Advent Devotions: The balm of tears

December 7, 2015
Advent 2015. Design by Doug Puller/Bread for the World.

By Dori Kay Hjalmarson       

Jeremiah 8:18-22

The first few sentences out of a burn patient's mouth include the word pain, every time. I have observed this over the past three months as a chaplain resident on a burn-treatment ward. Often the treatment for burns is as painful as the burn itself, I'm told, because as the nerve endings heal, they start to feel more, and the pain often comes in waves with each debridement, each graft, each dressing change. The pain is a symptom of healing.

A few weeks ago, I was visiting with a boy, a teenager, who had been burned in a cooking fire. He had been in the hospital more than a month. I had visited this boy several times, and watched his progress, met many of his family members, prayed with him, laughed with him, dabbed his tears, held his hand as he fell asleep or awoke from anesthesia.

On this day, the boy had received a visit from family and visited his first burn survivors' support group. His skin was looking great -- raw and pinkly fresh but real live skin. And he had heard he was going to be discharged soon. As he studied a wallet-size school portrait, taken a few weeks before his burn, next to a mobile phone selfie of his newly healed body, he was weeping. He will never look the same.

Where is the balm for this pain? The pain of knowing your young life has changed in an instant, and you have unwillingly joined a club of "survivors" and you are not saved from the pain. The harvest is past, the summer is ended, and we are not saved. Where is the balm?

What I have learned in my few weeks on the burn ward is that the balm is inside us, part of our bodies. With skin grafts and skilled surgeons and nurses, our bodies have the miraculous power to regenerate themselves. After passing through the fire, our bodies never are restored to what they were. But they are healed, and the balm is our tears. We weep, we cry out, we know that God hears us and weeps with us, grieves with us. We know this because other people weep with us, pastors, and fellow humans grieve with us. The pain is a symptom of healing. And our balm is in the tears.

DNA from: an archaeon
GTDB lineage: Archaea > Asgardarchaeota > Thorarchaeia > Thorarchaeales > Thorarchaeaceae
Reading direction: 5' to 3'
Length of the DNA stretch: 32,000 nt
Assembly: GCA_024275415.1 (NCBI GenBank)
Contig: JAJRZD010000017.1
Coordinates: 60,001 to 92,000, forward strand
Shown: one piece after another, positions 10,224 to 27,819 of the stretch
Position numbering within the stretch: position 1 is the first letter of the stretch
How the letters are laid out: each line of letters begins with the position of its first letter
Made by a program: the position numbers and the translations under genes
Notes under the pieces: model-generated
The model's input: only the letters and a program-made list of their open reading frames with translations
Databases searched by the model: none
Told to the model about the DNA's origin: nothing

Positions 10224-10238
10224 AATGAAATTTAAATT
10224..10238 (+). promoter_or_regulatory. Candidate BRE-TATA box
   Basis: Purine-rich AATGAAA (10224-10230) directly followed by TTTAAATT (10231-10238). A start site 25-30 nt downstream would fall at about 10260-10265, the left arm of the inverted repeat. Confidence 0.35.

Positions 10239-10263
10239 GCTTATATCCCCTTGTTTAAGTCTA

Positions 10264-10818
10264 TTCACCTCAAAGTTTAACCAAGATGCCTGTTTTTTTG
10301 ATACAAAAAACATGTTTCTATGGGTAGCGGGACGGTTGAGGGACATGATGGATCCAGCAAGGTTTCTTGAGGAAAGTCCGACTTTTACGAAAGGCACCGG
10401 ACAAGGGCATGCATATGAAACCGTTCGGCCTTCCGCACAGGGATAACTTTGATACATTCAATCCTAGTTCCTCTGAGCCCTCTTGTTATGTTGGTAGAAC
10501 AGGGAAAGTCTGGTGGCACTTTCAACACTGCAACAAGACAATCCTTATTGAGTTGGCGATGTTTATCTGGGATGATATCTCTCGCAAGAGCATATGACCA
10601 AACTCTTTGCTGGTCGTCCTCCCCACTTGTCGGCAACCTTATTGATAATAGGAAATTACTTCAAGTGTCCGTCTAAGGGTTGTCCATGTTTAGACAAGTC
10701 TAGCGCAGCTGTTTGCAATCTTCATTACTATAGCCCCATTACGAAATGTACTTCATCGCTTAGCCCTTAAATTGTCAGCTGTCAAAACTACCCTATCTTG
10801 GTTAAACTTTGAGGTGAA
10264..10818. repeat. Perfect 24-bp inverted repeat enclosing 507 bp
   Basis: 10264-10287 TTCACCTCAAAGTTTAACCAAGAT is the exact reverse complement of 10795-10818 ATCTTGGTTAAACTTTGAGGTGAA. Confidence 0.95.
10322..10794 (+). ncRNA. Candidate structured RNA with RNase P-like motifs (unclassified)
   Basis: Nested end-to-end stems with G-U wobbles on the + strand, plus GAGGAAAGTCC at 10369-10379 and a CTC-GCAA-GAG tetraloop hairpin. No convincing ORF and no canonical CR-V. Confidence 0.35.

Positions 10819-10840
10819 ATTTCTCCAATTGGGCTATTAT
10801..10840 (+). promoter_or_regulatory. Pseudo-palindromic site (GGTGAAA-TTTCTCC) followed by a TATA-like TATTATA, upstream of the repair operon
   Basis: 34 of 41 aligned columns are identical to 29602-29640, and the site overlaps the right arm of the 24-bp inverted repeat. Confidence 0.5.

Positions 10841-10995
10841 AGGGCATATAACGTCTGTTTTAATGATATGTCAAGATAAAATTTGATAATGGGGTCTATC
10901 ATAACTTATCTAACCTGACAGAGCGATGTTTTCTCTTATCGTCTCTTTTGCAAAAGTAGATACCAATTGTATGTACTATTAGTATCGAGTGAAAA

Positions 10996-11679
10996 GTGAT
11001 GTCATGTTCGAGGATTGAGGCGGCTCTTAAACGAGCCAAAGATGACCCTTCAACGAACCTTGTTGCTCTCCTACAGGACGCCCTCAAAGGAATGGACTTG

Dori Kay Hjalmarson earned a Master of Divinity in 2015 from the San Francisco Theological Seminary. 

After passing through the fire, our bodies never are restored to what they were. But they are healed, and the balm is our tears.

Tools
from our Resource Library

For Education

  • Election Resources

    One of the best times to raise the issues of hunger and poverty is during election campaigns. Engage candidates in your state/district on hunger and poverty using our elections resources.
  • Racially Equitable Responses to Hunger During COVID-19 and Beyond

    By Marlysa D. Gamblin and Kathleen King

    The U.S. Department of Agriculture defines food insecurity as when a person or household does not have regular, reliable access to the foods needed for good health. Black, Indigenous, and Other People of Color (BIPOC) have historically had higher...

  • Fact Sheet: COVID-19 Global Pandemic, Better Nutrition Protects Lives

    With the coronavirus now spreading in low-resource contexts and new waves of infection expected in the coming year, better nutrition for vulnerable people is more important than ever.

For Faith

  • Finding Hope, Ending Hunger on Both Sides of the Border: A Bilingual Latino Devotional

    Devotional writers challenge us to feel the Spirit of God within us and to hear God’s urgent call to demand justice so all can put food on the table.
  • The Bible on Health as a Hunger Issue

    “As you therefore have received Christ Jesus the Lord, continue to live your lives in him, rooted and built up in him and established in faith.” These words from Colossians 2:6 remind us of the faith that is active in love for our neighbors.

    The Bible on...

  • Unity Declaration on Racism and Poverty

    A diverse body of Christian leaders calls on the churches and Congress to focus on the integral connection.

    Dear Members of Congress,

    As the president and Congress are preparing their plans for this year, almost 100 church leaders—from all the families of U.S. Christianity—are...

For Advocacy

Faith

African at Heart

November 22, 2019

Insight

From the Blog